From that evidence the jury could infer that defendant knew or should have known that the boys were playing in and about the building. It could infer that defendant should have foreseen that the open, or even partially barricaded doors would attract small boys into the building; that once a boy entered he might, in playing or investigating, walk about the unfinished building and find the rear opening; that since there were no rear stairs a workman or some other person was likely to use and leave a ladder at the rear opening; that a boy in the building would probably use the ladder in getting out the rear of the building; and that in climbing down the ladder a boy might be injured.

It is our opinion that the evidence and inferences recited were sufficient to take the case to the jury.

Defendant argues that the ladder was the instrumentality causing the injury, that it was not visible from the front where the boys habitually played and could not have attracted the boys, and that buildings under construction have been ruled not to be attractive nuisances. It was not necessary that the ladder itself be the "attraction" in order to render defendant liable if the building under construction was sufficiently attractive. (Oglesby v. Metropolitan West Side Elevated Ry. Co., 219 Ill. App. 321.) Defendant relies upon Neal v. Home Builders, Inc., 232 Ind. 160, 111 N.E.2d 280, to support the argument that the instant structure was not an attractive nuisance. There the appellant conceded that the facts alleged did not state a case of attractive nuisance. The court said it concurred because although the semi-completed building "might have been attractive to children" as a place to play there was no allegation of a latent danger negligently created by defendants. But see the dissenting opinions.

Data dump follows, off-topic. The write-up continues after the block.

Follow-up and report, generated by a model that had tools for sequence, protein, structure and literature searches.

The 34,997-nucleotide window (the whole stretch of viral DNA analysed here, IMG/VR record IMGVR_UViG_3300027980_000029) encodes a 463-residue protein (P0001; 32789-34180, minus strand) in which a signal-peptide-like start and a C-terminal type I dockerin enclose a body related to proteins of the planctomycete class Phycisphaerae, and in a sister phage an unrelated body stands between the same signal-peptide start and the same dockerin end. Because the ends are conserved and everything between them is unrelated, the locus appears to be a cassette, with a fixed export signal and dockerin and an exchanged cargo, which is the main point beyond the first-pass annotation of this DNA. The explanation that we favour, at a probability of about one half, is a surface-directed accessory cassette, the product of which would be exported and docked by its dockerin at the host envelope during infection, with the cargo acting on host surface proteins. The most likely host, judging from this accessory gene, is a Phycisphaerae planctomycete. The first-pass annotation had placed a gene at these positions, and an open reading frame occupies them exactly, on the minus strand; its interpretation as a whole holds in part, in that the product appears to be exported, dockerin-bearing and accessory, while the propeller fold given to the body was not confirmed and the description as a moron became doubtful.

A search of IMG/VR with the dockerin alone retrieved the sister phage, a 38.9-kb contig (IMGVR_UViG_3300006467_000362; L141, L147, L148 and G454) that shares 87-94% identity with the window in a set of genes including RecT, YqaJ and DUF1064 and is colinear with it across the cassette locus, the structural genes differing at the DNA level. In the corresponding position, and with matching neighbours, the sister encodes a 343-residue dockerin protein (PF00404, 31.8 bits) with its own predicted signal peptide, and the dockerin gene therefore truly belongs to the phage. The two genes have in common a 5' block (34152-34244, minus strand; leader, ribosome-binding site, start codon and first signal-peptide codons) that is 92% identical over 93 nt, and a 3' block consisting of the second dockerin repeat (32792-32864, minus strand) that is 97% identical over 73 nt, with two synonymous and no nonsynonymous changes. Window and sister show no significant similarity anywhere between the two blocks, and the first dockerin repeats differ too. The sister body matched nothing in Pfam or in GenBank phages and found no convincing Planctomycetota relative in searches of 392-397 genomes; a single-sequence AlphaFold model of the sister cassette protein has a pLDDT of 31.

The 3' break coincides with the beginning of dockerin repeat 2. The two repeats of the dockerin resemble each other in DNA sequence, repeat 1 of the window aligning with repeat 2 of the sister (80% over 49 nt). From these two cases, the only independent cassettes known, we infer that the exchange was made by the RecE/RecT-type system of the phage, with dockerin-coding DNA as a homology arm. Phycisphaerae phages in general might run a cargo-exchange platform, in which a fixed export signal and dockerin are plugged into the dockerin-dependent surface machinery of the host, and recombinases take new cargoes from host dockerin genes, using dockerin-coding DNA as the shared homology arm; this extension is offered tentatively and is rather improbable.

In the instant case we have proof of the latent danger in the "homemade ladder" which the boy found after being attracted to the partially completed building. We have read cases cited by the majority in the Indiana case and think that they, like the majority opinion, are not persuasive here. The dissenting opinions are more consistent with Illinois law as expressed in Kahn v. James Burton Co., 5 Ill.2d 614. We conclude that the jury could find that defendant should reasonably have foreseen that the structure would attract children.

The law is well settled that the question of contributory negligence of a boy eleven years of age must be left to the jury. (Maskaliunas v. Chicago & W.I.R. Co., 318 Ill. 142, 150.)

We see no merit in the claim that the court committed reversible error in instructing the jury. There is evidence to support an instruction that the building under construction was "attractive" to children and "lured" the boy into a "dangerous situation." The jury could infer that the ladder leaning against the building was sufficiently connected to it to be considered part of ...